Tom Watson Relishes Another Chance to Compete at St Andrews

By: | Wed 25 Jul 2018 | Comments


Five-time Open champion Tom Watson may be fast approaching his 69th birthday, but that hasn’t stopped the Kansas City-native from enjoying a winning streak on the golf course. Of sorts. Back in April, he memorably became the oldest winner of the Masters Par 3 Contest, and on Tuesday he won the Senior Open Pro-Am at St Andrews. Joking about that fact, the legendary American nonetheless believes that there is a possibility that he could finally accomplish something that he is yet to achieve during his celebrated career – triumphantly holding a trophy aloft on the Old Course.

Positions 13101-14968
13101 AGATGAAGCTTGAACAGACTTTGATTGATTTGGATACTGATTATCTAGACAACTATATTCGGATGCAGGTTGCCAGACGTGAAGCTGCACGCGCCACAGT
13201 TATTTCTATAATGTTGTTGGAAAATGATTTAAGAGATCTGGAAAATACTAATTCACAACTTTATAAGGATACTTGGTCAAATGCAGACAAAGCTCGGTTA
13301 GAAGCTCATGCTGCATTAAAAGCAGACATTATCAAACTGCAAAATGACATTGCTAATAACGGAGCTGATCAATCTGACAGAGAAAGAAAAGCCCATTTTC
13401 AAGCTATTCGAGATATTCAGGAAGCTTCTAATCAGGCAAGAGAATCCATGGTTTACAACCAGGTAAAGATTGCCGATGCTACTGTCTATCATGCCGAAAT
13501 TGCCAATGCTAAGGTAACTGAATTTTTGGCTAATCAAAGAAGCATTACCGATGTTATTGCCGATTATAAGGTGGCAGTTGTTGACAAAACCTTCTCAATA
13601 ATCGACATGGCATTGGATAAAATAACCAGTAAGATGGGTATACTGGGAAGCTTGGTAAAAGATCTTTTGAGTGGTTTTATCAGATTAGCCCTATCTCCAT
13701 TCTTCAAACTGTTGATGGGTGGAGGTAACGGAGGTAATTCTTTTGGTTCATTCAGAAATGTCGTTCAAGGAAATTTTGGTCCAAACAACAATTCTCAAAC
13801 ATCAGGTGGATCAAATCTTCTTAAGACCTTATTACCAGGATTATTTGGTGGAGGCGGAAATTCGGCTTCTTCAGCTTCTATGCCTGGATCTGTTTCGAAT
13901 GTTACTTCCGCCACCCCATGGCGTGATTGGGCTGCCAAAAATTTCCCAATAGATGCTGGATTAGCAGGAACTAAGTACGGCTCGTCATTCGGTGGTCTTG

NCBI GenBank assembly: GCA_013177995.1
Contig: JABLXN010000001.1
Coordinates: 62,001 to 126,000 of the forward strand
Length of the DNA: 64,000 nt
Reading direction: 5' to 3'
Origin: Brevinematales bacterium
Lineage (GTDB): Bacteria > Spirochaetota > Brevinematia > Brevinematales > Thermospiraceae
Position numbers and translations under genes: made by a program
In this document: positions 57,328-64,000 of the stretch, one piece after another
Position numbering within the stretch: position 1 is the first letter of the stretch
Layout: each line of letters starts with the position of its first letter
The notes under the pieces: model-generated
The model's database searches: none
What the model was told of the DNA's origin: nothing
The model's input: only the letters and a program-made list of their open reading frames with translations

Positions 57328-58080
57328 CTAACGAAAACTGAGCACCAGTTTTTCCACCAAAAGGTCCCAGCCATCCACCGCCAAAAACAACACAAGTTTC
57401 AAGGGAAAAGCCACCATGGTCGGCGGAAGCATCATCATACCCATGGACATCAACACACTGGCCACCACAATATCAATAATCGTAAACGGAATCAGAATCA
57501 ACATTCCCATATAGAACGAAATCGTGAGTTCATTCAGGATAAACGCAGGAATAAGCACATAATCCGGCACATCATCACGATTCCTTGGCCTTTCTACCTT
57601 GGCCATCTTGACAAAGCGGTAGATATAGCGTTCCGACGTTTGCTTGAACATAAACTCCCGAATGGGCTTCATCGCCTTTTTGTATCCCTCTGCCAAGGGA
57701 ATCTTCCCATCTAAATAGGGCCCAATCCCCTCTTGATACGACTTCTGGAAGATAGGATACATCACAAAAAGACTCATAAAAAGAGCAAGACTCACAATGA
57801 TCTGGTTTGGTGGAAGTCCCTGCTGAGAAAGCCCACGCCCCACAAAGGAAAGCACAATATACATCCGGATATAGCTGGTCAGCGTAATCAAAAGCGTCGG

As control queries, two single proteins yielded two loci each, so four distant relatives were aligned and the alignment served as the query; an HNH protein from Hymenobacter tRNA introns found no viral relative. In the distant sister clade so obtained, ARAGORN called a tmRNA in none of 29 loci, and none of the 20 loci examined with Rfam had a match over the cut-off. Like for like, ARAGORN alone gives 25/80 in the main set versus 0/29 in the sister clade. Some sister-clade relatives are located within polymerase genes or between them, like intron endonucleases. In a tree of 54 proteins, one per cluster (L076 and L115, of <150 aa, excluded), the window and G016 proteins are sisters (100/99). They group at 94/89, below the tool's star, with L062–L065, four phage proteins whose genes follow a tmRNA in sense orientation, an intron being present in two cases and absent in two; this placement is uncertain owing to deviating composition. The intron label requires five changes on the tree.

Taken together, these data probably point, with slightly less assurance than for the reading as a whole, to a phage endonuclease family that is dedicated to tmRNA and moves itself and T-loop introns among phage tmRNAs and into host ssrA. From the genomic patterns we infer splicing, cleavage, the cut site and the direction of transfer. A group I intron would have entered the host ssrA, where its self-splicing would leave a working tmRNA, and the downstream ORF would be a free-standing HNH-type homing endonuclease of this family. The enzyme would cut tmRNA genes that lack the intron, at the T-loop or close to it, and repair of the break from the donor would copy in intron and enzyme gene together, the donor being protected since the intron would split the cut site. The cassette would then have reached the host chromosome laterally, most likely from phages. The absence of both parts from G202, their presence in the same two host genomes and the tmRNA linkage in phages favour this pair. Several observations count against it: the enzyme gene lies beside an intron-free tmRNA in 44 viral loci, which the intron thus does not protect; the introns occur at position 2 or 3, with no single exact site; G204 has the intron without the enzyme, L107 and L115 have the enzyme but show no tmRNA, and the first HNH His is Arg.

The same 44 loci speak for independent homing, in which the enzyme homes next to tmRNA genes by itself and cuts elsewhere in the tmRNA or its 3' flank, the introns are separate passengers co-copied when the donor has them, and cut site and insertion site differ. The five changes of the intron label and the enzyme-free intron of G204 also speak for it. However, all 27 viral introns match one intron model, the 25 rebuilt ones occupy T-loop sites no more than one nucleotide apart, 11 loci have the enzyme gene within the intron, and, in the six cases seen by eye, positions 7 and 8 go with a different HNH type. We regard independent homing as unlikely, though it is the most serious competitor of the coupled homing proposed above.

“I played a very good round yesterday and I was very happy with the way I was playing, putting. Who knows? Something good might happen here,” the twice US Ryder Cup captain said before this senior major championship makes its long-awaited debut at the Home of Golf.

“Right now, I feel, you know, pretty confident with it, about my form. My form's pretty good.”

Many of the most iconic figures in the game have made the pilgrimage to Fife – including Sir Nick Faldo and 73-year-old three-time US Open winner Hale Irwin – and Watson is not immune to the charms of this atmospheric town, having seen much change since his first appearance in 1978.

“St. Andrews is my favourite venue because of the town's right here on the 18th hole,” he said. “The town, of course, at ten o'clock at night in 2015 they all came out of the pubs to see some old has-been finish up his Open Championship career here.”